Robinson v. Astrue
MEMORANDUM OPINION AND ORDER entered. Upon consideration of the administrative record and the memoranda of the parties, it is ORDERED that the decision of the Commissioner be AFFIRMED and that this action be DISMISSED, as further set out. Signed by Magistrate Judge Bert W. Milling, Jr on 1/16/2013. (clr)
IN THE UNITED STATES DISTRICT COURT
FOR THE SOUTHERN DISTRICT OF ALABAMA
SHELIA ROBINSON, o/b/o D.R.,
MICHAEL J. ASTRUE,
Commission of Social Security,:
CIVIL ACTION 12-0356-M
MEMORANDUM OPINION AND ORDER
In this action under 42 U.S.C. § 1383(c)(3), Plaintiff1
seeks judicial review of an adverse social security ruling which
denied a claim for Supplemental Security Income for Children
(hereinafter SSI) (Docs. 1, 13-14).
The parties filed written
consent and this action has been referred to the undersigned
Magistrate Judge to conduct all proceedings and order the entry
of judgment in accordance with 28 U.S.C. § 636(c) and
Fed.R.Civ.P. 73 (see Doc. 21).
action (Doc. 20).
Oral argument was waived in this
Upon consideration of the administrative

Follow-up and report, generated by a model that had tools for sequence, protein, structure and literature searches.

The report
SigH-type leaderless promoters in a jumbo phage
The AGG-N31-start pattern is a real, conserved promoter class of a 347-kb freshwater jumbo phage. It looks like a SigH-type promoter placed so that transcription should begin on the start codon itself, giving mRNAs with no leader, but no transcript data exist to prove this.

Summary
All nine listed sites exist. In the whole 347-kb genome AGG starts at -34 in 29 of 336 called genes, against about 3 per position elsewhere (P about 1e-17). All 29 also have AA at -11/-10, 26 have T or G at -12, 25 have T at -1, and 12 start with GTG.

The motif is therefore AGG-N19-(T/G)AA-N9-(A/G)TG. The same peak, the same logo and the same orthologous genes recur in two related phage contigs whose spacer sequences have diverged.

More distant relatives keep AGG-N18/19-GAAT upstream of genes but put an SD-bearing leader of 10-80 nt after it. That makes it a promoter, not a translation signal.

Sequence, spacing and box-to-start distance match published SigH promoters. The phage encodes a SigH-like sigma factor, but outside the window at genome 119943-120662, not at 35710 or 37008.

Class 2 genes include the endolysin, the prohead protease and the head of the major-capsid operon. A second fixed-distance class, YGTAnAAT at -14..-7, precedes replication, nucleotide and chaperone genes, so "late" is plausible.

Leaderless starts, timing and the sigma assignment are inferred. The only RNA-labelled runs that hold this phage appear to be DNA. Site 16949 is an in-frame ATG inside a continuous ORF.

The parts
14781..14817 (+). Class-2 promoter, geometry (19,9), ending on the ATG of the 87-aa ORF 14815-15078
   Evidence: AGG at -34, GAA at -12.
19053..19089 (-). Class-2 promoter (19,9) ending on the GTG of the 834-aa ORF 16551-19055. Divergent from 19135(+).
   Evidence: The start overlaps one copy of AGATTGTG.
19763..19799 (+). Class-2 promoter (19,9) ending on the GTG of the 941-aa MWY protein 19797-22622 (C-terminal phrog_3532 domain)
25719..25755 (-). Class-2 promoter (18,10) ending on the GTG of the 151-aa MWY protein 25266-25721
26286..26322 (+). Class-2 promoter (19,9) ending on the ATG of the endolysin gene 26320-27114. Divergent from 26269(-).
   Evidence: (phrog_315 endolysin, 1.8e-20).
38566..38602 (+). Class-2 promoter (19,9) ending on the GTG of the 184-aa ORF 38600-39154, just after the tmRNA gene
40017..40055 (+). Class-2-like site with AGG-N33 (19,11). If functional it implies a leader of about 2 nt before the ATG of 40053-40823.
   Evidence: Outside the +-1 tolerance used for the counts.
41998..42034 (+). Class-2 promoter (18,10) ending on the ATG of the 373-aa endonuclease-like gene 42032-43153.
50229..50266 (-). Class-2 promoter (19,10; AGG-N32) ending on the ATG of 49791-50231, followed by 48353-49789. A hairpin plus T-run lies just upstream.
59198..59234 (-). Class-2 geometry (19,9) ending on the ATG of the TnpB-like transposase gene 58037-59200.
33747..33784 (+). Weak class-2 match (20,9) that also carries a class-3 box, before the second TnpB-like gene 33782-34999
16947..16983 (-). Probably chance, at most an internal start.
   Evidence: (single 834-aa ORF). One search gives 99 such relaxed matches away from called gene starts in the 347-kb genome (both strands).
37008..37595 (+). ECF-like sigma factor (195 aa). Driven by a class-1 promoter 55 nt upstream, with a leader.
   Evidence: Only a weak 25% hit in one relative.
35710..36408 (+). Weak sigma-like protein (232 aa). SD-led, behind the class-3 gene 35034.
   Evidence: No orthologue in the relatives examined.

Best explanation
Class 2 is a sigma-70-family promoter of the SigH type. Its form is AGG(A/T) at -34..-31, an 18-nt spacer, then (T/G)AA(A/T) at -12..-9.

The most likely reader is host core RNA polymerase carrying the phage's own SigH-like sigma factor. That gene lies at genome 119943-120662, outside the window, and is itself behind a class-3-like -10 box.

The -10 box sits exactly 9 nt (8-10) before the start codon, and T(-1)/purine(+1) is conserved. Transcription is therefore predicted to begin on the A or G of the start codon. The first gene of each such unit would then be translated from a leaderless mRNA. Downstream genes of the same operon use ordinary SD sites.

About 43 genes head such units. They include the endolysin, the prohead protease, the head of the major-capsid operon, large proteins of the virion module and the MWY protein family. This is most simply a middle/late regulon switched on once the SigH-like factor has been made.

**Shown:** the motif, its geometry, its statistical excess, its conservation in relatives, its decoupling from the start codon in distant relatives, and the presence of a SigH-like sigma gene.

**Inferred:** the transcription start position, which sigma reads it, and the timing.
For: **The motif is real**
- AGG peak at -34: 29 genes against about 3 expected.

record and the memoranda of the parties, it is ORDERED that the
decision of the Commissioner be AFFIRMED and that this action be
Although this action was actually brought by his Mother, the
Court will refer to the Child as the Plaintiff.
This Court is not free to reweigh the evidence or
substitute its judgment for that of the Secretary of Health and
Human Services, Bloodsworth v. Heckler, 703 F.2d 1233, 1239 (11th
Cir. 1983), which must be supported by substantial evidence.
Richardson v. Perales, 402 U.S. 389, 401 (1971).
substantial evidence test requires “that the decision under
review be supported by evidence sufficient to justify a
reasoning mind in accepting it; it is more than a scintilla, but
less than a preponderance.”
Brady v. Heckler, 724 F.2d 914, 918
(11th Cir. 1984), quoting Jones v. Schweiker, 551 F.Supp. 205 (D.